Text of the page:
Why the President’s Failsafe Proposal Fails, Part II
As a follow-up to my missive from last night regarding the President’s “fail-safe” deficit mechanism, there’s one question the White House should be answering: If the President is so interested in budgetary “fail-safes” as a way to reduce the federal deficit, why doesn’t he abide by the Medicare “fail-safe” that’s already in law – a “fail-safe” he has completely ignored?
In case you weren’t aware, Medicare is ALREADY subject to a “fail-safe” mechanism designed to ensure the program will be sustainable in the long term. The Medicare Modernization Act included provisions requiring the Medicare trustees to determine when the program is relying too heavily on general revenues (as opposed to the Medicare payroll tax) for its funding needs, thus crowding out other important government priorities such as defense, education, etc. A section on pages 52-55 of last August’s trustees report made such a determination of “excess general revenue Medicare funding” for the fifth straight year. Therefore, under the procedures outlined within the MMA, the President must within 15 days of submitting his budget propose to Congress legislation remedying the funding warning – to make the program more financially sustainable for current taxpayers and future generations alike. This provision was codified in statute, meaning the President is required to submit a legislative proposal (which the leaders of both parties will formally introduce at his request). In his three budget submissions thus far, the President has ignored this statutory requirement under the Medicare “fail-safe” to propose legislation remedying the program’s funding shortfalls.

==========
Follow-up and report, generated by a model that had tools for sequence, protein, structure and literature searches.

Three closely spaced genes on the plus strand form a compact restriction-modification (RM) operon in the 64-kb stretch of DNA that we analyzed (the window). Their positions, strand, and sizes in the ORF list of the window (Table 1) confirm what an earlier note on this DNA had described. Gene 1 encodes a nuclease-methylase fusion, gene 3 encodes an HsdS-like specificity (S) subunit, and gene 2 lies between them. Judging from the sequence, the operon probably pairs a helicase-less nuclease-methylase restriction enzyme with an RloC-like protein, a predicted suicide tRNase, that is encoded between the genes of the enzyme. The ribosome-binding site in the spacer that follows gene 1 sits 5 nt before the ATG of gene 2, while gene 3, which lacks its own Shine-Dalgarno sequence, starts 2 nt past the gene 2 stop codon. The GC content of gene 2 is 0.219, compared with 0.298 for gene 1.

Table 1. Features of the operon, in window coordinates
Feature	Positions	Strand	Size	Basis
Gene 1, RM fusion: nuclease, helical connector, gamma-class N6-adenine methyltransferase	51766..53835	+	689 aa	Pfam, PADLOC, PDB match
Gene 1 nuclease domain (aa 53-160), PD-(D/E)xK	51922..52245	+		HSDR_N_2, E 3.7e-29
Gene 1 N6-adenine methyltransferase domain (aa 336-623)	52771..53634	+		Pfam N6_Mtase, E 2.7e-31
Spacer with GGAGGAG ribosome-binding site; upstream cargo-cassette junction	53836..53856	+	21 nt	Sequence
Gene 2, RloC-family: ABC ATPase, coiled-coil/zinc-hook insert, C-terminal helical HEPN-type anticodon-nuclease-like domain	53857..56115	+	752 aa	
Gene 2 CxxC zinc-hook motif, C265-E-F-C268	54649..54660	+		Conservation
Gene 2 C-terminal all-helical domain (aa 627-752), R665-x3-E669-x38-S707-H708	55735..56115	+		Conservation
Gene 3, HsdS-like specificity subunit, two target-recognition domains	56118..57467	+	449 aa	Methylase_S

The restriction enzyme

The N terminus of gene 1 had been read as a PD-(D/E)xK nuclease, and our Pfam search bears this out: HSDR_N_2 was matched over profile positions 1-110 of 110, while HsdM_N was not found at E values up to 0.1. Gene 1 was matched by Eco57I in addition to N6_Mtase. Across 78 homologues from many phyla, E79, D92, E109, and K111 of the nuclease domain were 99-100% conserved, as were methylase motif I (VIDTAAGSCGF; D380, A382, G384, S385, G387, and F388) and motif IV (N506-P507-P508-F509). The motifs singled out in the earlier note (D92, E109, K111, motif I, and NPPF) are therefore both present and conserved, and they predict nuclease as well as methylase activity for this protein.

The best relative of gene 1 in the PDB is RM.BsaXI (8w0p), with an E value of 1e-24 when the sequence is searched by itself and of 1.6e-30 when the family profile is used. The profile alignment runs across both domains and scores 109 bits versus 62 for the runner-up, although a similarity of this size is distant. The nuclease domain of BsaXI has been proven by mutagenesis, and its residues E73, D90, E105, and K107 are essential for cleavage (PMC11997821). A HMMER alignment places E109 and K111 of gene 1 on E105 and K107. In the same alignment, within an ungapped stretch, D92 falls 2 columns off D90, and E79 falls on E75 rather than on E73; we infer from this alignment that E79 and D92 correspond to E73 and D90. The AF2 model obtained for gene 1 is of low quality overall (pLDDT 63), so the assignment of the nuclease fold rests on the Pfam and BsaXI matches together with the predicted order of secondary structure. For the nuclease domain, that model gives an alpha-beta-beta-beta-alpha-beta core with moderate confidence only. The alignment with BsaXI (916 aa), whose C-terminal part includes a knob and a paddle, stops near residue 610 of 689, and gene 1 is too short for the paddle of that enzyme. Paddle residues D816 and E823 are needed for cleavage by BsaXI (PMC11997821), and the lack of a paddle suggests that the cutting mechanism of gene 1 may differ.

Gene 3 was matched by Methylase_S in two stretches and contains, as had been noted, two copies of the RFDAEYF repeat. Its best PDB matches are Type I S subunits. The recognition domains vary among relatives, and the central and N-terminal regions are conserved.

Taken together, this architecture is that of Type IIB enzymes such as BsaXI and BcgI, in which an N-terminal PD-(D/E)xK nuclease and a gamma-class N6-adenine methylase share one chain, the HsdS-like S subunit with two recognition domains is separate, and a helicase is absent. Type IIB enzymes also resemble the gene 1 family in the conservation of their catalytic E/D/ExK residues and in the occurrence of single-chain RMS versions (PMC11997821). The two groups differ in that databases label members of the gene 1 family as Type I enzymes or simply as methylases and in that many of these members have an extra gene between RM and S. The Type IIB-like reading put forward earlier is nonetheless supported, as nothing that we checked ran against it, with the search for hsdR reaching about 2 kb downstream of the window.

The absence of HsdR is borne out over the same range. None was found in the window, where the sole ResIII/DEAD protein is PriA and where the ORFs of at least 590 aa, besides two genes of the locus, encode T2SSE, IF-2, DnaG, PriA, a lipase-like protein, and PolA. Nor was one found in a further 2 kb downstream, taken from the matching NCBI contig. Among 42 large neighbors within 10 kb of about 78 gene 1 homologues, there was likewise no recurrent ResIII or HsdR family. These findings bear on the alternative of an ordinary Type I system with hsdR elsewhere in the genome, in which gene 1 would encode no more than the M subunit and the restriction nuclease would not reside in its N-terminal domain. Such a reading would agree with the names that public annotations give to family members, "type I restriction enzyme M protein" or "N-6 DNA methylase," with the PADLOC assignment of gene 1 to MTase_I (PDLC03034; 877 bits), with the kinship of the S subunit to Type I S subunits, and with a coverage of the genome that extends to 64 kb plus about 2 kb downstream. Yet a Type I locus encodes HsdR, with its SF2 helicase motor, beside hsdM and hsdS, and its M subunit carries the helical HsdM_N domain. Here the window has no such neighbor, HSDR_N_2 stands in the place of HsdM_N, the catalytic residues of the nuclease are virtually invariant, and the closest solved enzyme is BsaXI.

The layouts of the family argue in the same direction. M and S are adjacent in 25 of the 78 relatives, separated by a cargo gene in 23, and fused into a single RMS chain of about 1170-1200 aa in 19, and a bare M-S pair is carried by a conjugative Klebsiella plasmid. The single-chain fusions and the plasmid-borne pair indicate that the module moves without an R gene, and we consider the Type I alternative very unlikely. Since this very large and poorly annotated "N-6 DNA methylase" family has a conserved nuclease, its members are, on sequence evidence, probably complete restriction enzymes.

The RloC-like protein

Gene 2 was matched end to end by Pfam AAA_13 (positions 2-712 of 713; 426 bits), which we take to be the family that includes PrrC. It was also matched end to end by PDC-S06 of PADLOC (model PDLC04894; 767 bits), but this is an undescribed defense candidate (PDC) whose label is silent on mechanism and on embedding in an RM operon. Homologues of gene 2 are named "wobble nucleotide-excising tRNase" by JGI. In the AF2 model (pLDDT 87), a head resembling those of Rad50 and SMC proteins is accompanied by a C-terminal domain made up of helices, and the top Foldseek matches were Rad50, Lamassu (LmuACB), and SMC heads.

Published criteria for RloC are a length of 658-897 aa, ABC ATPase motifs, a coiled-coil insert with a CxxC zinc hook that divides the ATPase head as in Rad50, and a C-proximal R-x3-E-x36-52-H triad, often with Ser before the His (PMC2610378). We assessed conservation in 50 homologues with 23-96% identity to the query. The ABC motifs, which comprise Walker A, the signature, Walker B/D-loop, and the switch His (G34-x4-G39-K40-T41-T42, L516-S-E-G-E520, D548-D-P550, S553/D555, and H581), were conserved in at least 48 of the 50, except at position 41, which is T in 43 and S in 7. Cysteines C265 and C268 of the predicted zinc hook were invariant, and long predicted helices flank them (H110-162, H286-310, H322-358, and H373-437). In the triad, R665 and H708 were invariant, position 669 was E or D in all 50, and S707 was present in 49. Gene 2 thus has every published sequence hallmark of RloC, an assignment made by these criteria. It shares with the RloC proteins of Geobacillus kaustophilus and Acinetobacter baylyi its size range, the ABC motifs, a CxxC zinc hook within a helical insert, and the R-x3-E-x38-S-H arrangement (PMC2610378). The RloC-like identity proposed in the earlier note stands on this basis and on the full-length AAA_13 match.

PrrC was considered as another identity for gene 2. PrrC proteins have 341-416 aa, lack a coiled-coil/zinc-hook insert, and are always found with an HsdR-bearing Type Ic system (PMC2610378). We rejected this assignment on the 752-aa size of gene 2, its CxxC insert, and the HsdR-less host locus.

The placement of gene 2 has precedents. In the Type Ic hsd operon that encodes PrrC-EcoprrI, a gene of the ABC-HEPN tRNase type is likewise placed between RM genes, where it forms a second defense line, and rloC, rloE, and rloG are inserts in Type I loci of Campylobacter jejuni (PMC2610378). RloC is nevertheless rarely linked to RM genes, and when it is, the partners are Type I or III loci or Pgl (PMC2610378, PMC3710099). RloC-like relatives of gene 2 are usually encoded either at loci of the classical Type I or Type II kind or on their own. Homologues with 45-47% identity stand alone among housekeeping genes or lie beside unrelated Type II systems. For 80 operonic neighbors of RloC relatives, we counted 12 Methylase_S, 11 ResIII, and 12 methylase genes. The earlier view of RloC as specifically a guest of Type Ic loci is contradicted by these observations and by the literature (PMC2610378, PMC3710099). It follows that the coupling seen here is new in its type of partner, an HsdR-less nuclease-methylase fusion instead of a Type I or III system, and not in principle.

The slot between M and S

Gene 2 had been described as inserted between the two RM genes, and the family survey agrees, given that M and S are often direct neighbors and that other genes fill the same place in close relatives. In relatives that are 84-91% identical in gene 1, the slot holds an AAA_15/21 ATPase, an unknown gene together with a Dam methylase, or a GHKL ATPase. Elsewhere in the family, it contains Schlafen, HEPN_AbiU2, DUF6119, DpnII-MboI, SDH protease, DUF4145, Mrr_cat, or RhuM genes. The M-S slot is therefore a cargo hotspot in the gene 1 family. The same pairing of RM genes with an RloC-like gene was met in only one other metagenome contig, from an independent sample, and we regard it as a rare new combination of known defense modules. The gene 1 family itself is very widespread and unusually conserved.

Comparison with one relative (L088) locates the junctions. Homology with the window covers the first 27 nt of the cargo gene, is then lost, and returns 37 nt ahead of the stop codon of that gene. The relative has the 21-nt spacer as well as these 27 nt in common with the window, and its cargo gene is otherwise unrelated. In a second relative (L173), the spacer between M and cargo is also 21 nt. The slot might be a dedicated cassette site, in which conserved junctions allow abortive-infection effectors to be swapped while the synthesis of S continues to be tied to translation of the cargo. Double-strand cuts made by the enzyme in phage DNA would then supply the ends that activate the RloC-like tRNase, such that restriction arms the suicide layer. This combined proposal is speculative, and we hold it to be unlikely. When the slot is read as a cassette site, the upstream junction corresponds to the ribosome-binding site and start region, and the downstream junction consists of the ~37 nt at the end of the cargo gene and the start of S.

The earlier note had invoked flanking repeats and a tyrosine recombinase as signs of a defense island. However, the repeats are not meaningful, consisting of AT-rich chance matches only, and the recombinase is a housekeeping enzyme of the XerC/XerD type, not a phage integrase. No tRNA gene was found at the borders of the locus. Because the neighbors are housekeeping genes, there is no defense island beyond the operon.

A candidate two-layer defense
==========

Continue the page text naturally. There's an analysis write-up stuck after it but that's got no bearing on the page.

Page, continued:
The White House hasn’t talked about the Medicare funding warning mechanism much – and not just because health “reform” engaged in fiscal double-counting by diverting savings from Medicare to establish new entitlements. On the one occasion when an Administration document did discuss the Medicare “fail-safe” – the Analytical Perspectives to the President’s April 2009 budget – the Administration claimed that “in accordance with the recommendations clause of the Constitution, the President considers this requirement to be advisory and not binding.” This wording is particularly ironic, as it echoes the signing statement issued by President Bush at the time the Medicare Modernization Act was enacted in 2003.*
Medicare is already running cash flow deficits in the tens of billions of dollars, and according to the Congressional Budget Office, its Hospital Insurance Trust Fund will be insolvent in nine short years. The Medicare trustees report notes that the program needs major fiscal reform NOW – not after the President’s re-election campaign, when the White House’s deficit reduction plan would finally take effect. Instead the White House continues to rely on a presidential signing statement to duck the tough questions regarding Medicare reform, breaking his campaign promises in the process. Since the President has for years failed to lead on Medicare reform despite a legal “fail-safe” requiring him to do so, why should anyone believe his newfound conversion to targets and “fail-safes” now?
* It should be noted that President Bush, unlike President Obama, followed the statutory requirements and submitted Medicare reform legislation as required in February 2008 – meaning his concerns over entitlement spending, and desire to propose solutions regarding same, outweighed any concerns about constitutional prerogatives. (The proposals were introduced by request in both chambers as bill H.R. 5480/S. 2662 of the 110th Congress.) President Obama apparently feels no such compunction to put comprehensive entitlement reform ahead of any separation-of-powers concerns, or for that matter the political benefit he may perceive from avoiding the issue until after the next election.